Tyler Lowenthal (aka Coach Tyler) has been the Spirit League Athletic Director since the 2014 soccer season. Not only did he develop the curriculum for each sport, but he has been the first person in and last person out nearly every game day since that time; that’s nearly 300 game days! Tyler is known for his extraordinary ability to bring out the best in every athlete. Whether teaching our adult athletes the “art of teasing” or making a basket with his arms for a 6-year-old basketball player, he specializes in making each athlete feel valued. Tyler is retiring from the Spirit League Youth Program this summer and will be missed. We look forward to his future involvement in our Adult Program. Thank you, Tyler.

Tyler’s Q & A

How did you get started with Spirit League?

I began my journey with Spirit League after meeting with a parent from the school where I work. It just so happens that this parent was Melissa Cory, who was heavily involved in Spirit League as the Vice President. She proposed coming down and checking out the League. I remember it was soccer season and I immediately gravitated to the players and overall vision and mission of the League. I then met with Chuck Simon, the athletic director at the time, as well as Bill Bermingham, the League’s president at the time. We discussed the future and direction of the League. I shared my thoughts and what I felt I could bring to the table. After a nice dinner, I decided to come aboard as the new Athletic Director.

What do you love to do when you are not working with Spirit League?

Away from Spirit League, you can find me at the beach, hiking, golfing, cooking and having dinner parties with my friends and neighbors. I also love going to concerts and experiencing live music.

What is your favorite Spirit League sport to coach and why?

My favorite sport to coach is baseball. I grew up playing and have a strong passion for the game. I also find it one of the more challenging sports to coach due to the technical skills involved. There are many facets of the game, tiny little nuances that are important to learn in order to be successful. I think this is why I get the most enjoyment out of coaching baseball. It’s a hard game to play, so seeing our athletes excel throughout the season is quite rewarding.

Who is your favorite superhero character and why?

My favorite superhero is Batman. I love that he’s a normal human being, fueled by will and determination to better his community and ensure the safety of those around him. Sure he has a lot of money and gadgets, but no superpowers or altered sense of humanity. He’s just a man with a vision and the power from within to achieve his goals and defend his city.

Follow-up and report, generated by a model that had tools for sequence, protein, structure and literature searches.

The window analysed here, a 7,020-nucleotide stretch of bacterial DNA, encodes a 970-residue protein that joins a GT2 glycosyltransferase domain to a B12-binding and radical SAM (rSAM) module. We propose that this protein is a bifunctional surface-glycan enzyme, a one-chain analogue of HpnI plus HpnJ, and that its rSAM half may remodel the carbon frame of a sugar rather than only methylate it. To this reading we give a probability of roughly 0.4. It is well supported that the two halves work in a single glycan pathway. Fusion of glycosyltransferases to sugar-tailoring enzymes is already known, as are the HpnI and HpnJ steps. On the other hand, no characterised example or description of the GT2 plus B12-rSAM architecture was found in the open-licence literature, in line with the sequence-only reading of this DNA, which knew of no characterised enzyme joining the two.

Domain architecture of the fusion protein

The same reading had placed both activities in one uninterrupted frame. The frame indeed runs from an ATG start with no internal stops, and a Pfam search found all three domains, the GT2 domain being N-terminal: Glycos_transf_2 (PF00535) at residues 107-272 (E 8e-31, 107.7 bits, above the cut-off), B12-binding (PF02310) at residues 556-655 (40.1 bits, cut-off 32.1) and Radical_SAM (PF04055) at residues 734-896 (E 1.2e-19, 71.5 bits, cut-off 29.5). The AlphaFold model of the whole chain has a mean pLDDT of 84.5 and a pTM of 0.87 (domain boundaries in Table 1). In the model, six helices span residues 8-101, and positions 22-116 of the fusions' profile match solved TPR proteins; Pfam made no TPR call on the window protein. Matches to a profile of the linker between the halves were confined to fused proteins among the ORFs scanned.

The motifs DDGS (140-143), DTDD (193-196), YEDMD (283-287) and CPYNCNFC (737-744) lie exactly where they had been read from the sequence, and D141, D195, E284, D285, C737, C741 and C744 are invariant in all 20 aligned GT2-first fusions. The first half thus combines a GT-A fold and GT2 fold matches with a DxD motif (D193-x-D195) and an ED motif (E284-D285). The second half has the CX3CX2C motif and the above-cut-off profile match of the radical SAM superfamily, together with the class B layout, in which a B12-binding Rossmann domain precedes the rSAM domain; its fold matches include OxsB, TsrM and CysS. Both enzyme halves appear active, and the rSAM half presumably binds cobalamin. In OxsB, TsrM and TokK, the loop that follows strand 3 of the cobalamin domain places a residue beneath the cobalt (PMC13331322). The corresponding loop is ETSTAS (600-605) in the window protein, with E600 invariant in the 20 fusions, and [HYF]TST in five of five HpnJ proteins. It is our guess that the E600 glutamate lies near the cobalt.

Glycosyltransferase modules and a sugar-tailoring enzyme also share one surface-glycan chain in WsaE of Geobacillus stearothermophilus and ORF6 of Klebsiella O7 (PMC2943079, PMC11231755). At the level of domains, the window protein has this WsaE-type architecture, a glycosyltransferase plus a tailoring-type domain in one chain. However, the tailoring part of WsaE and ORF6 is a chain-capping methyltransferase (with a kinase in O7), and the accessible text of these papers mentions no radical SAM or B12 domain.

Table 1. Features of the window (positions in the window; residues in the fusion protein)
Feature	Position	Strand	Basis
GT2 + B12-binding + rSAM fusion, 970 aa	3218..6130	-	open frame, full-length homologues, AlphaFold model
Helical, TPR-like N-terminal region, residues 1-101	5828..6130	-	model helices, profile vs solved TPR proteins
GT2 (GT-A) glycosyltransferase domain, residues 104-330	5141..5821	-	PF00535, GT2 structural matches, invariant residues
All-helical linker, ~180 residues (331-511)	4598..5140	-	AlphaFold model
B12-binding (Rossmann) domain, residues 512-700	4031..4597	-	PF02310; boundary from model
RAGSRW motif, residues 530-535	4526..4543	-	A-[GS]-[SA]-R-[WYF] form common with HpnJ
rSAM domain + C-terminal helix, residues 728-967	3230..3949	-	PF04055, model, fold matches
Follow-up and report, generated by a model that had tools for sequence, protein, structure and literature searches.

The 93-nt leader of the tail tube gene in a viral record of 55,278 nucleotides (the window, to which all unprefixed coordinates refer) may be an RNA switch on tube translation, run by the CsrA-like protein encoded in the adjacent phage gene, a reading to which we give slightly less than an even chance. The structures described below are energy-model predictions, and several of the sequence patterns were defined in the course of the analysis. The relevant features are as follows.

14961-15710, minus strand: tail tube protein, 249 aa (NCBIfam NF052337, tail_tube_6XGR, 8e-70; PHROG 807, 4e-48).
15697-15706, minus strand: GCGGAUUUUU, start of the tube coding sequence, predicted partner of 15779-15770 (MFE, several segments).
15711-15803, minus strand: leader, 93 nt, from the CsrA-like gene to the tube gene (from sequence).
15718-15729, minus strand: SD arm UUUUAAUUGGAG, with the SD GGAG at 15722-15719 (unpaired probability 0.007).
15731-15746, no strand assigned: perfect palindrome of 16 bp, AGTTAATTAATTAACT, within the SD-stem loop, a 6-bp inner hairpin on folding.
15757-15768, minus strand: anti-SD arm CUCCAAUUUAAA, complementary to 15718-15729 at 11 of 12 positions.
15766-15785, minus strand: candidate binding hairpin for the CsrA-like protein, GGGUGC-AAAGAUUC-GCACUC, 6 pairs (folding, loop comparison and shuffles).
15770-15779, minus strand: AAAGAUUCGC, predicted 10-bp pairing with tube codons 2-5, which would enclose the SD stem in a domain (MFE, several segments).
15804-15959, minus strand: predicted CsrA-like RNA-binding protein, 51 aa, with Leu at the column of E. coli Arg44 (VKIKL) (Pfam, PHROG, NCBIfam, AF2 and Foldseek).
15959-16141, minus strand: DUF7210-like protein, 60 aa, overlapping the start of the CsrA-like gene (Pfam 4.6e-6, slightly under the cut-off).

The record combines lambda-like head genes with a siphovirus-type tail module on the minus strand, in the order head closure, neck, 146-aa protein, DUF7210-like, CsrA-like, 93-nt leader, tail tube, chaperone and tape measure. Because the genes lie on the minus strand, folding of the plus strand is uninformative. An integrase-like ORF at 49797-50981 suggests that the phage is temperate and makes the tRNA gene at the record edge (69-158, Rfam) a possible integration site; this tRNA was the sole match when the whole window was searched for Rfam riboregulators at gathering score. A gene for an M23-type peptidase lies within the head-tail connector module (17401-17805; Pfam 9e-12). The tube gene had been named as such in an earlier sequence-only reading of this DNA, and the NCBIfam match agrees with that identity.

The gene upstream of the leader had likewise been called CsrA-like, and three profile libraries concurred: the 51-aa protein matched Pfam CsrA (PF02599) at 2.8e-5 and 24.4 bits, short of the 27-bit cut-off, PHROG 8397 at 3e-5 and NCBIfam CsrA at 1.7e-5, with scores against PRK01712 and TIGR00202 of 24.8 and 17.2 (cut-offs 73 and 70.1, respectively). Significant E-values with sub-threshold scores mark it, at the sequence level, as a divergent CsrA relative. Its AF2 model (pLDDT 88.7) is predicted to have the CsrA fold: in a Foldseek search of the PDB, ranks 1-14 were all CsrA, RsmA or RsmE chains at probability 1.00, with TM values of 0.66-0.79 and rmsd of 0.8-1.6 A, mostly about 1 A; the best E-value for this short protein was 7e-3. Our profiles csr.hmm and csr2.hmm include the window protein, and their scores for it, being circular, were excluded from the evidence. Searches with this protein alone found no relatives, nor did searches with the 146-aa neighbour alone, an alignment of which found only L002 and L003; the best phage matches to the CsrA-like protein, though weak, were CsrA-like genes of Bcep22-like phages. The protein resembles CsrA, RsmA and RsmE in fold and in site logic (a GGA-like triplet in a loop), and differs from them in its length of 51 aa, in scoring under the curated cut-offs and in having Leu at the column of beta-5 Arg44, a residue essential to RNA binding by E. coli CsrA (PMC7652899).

What are your 3 top tips for the new coach coming in?

  1. Read the curriculum in advance and ask any questions you may have before the season or before each week’s session.
  2. Advocate and ask for help if you are unsure of how to work with particularly challenging behaviors.
  3. Be confident in your abilities. Provide continuous positive feedback and encouragement to our athletes. Be welcoming and build team spirit and camaraderie.

What would you like to see in Spirit League’s future?

I’d like to see Spirit League move to a state-wide, then national platform. I think Spirit League has tremendous potential to be that guiding force in building athletes with special needs’ confidence and feeling of being a part of something outside their typical experiences.

What is your next career adventure?

Rest & relaxation! The last 10 years have been nothing short of a blessing in my life. I’ve learned and experienced so much from both our athletes and families. It’s invaluable to me, but it’s time to explore other opportunities. I want to find love and have a family. As much as I’ve loved working in Spirit League, having some time dedicated to other avenues is something I’m looking forward to.

Can you share a funny League story with us or…an inspirational story with us?

One of my favorite stories was from my 4th or 5th year as athletic director. It was basketball season, and we had a new athlete in Division 3 (our youngest division). At the start of the season, this particular athlete would not get out of the car, let alone pick up a basketball. Week by week, we made slow progress; getting out of the car, stepping into the building, stepping on the court, holding a basketball, one on one passing the ball, and one on one dribbling the ball. By week 10, this athlete was engaged in the session and joining their team. It reminds me that we must all gauge success for our athletes differently and that patience and persistence can go a long way if we, as staff, coaches, mentors, and parents, all buy into what Spirit League is about, which is providing a safe and meaningful experience for our athletes to participate in sports and grow as individuals in a variety of ways. The diversity of the League is what makes it, and the more we embrace this as a community, even outside of Spirit League, the more we can build our tolerance and acceptance of individual differences. This athlete now participates in most, if not all, of our sports. I’m very proud of them and myself, for never giving up or writing off one’s abilities as a person.